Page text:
Section 6751(b)(1) contains two exceptions for which the IRS need not obtain supervisory approval. The first is a list of additions to tax under sections 6651 (failure to file or pay); 6654 (failure to pay estimated tax), 6655 (failure to pay corporate estimated tax; or penalties under sections 6662(b)(9) (any overstatement of the deduction provided in section 170(p)) and 6662(b)(10) (any disallowance of a deduction by reason of section 170(h)(7)). The proposed regulation adds section 6673 (Sanctions and costs awarded by courts) to the previously recognized exceptions not requiring supervisory approval. The second exception is for any other penalty ‘calculated through electronic means.’ The regulation makes clear that this applies to any penalty (defined as a penalty, addition to tax or additional amount under the code) that is automatically generated and proposed through computer means. However, if a taxpayer challenges the proposed penalty in writing, and an IRS employee considers the response, then it is no longer considered ‘automatically calculated through electronic means.’ Example 5 illustrates this definition. In this example, the IRS Automated Underreporter (AUR) computer program generated a notice to the taxpayer that included a proposed penalty under section 6662(d) (understatement). The taxpayer responded to the notice requesting more time but did not offer a challenge to the proposed penalty. Under these facts, the example concludes the penalty remains automatically calculated and not subject to written supervisory approval. The outcome would be different if the taxpayer submitted a written challenge to the proposed penalty. In that case, the IRS employee who considered the challenge would need supervisory approval before the IRS mailed the notice of deficiency containing the penalty.
The past litigation over section 6751(b)(1) focused on trying to define various statutory terms. For example, what constituted an initial determination and when? Who was an immediate supervisor? What constituted personal approval in writing? As a result, different courts developed conflicting rules. The proposed regulation attempts to define these terms more clearly.
1. Individual who first proposed the penalty. The regulation defines the person who makes the initial determination as the person who ‘first proposed the penalty.’ This person can propose the penalty directly to the taxpayer or to the proposing person’s supervisor or designated higher-level official. A request for additional information from a taxpayer or invitations to participate in general settlement initiatives is not considered ‘proposing a penalty,’ however, offering a taxpayer an opportunity to agree to a penalty not part of such initiative is considered a proposal. The initial determination is tied to the person proposing the penalty. Therefore, the definition offers flexibility should other IRS employees independently propose penalties.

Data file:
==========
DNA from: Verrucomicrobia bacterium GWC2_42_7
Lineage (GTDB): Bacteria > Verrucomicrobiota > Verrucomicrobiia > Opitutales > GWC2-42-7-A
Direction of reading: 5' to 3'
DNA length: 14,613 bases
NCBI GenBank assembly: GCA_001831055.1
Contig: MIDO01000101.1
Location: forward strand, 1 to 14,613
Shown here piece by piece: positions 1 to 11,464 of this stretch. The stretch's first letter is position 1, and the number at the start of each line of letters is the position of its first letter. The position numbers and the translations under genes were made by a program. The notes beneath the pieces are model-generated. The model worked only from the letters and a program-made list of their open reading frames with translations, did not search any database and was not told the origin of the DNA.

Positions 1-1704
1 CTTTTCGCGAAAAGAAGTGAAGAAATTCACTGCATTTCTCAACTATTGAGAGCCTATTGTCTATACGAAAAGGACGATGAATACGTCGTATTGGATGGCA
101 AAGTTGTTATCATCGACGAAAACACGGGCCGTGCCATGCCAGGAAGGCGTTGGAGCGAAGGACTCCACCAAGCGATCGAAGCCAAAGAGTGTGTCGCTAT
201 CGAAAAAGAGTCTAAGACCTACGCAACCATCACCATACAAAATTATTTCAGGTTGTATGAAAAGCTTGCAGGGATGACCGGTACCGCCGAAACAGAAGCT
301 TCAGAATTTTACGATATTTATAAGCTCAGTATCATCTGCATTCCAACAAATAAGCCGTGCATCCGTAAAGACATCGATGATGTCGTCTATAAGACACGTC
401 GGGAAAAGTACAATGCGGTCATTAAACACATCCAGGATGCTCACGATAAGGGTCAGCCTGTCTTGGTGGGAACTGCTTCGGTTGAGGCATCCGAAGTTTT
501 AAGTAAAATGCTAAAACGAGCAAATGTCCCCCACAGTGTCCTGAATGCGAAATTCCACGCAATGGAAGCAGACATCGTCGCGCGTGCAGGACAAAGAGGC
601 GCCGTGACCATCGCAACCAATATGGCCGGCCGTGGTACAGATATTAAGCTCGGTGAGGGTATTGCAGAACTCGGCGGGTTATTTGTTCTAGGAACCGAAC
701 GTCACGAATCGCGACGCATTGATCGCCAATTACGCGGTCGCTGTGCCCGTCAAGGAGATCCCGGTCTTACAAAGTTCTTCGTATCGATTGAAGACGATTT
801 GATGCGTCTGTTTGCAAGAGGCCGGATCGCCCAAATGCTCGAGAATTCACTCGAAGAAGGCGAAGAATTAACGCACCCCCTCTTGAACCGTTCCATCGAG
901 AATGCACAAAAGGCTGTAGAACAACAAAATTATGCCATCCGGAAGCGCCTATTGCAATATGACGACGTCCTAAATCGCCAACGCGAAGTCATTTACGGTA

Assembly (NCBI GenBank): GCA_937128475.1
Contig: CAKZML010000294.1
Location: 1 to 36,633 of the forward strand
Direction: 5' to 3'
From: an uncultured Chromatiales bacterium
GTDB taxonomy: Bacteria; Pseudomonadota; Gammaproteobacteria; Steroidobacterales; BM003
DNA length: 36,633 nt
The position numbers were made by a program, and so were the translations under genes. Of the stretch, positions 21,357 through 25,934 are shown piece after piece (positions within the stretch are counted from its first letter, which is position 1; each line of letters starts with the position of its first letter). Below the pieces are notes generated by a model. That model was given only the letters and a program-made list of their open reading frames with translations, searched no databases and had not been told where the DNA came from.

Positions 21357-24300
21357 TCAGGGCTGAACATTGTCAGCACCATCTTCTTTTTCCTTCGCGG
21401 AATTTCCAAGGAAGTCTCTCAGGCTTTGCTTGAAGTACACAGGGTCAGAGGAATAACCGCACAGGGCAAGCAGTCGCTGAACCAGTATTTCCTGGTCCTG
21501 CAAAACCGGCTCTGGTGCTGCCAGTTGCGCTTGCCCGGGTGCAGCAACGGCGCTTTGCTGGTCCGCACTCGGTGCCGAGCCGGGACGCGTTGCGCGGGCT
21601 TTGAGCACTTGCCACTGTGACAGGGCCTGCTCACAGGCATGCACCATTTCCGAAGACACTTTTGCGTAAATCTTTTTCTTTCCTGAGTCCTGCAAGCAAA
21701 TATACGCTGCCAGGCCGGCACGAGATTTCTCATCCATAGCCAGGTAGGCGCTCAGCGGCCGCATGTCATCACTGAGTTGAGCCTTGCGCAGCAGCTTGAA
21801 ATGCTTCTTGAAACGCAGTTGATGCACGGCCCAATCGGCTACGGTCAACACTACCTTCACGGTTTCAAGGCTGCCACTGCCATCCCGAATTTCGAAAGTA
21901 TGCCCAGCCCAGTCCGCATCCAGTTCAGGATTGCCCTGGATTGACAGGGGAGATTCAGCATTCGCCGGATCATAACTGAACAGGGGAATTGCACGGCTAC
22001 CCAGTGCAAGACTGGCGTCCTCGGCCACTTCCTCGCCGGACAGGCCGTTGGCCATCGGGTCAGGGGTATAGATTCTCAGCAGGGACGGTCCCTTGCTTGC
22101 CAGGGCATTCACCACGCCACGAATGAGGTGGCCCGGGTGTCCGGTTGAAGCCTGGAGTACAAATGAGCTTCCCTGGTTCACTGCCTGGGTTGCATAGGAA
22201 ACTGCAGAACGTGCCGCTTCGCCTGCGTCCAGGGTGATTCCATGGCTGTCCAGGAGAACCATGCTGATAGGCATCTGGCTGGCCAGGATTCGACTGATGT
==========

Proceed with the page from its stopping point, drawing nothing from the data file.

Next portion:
2. Immediate supervisor. The regulation defines the immediate supervisor as any person who has responsibility to approve another person’s proposal without an intermediary’s approval. Given that the initial determination is specific, it will be easier to determine the immediate supervisor under the proposed regulation.
3. Higher level official. The regulation defines a higher-level official as any person who has been directed by the Internal Revenue Manual or assigned job duties to approve penalties before they are assessed, included in a pre-assessment notice, or an answer, amended answer or amendment to the answer.
Example 3 illustrates these definitions. In this example, the taxpayer is under exam and revenue agent A proposes an accuracy-related penalty for negligence under sections 6662(b)(1) and 6662(c). Immediate supervisor B is the issue manager. Case manager C has overall responsibility for the exam and may assign tasks to A or other members of the exam team and has approval authority over the exam. Under these facts, either B or C can approve the initial determination satisfy Section 6751(b)(1).
4. Personally approved (in writing). The regulation makes clear that this means any writing, even if it is in electronic form and it does not require any particular form of signature, analysis, words or procedure. The test is whether the circumstances of the writing reflect that it was intended as approval. The background section suggests that a supervisor’s signature on a cover memorandum or transmittal letter with a report containing penalties is sufficient approval.
The Eleventh Circuit (Florida, Georgia and Alabama) and the Ninth Circuit (Alaska, Arizona, California, Hawaii, Idaho, Montana, Nevada, Oregon and Washington) have held that the supervisory approval can occur any time prior to assessment because that is the plain language of the statute. See Kroner v. Commissioner, and Laidlaw’s Harley Davidson Sales, Inc. v. Commissioner. In both jurisdictions, the appellate courts rejected the U.S. Tax Court’s interpretation that the approval must occur prior to the first formal communication to the taxpayer of intent to assess penalties. See Clay v. Commissioner.
The proposed regulations align with the appellate courts’ decisions. However, these regulations cannot yet be relied upon by the IRS or the taxpayer because such reliance is not expressly stated in the proposed regulations. See section 7805(b), IRM 22.214.171.124.2 (08-02-2018). Taxpayers contesting a federal tax penalty should consult with their tax advisors to determine whether they can argue that an approval is invalid because it came after the first formal communication or whether they are constrained by the existing appellate court decisions.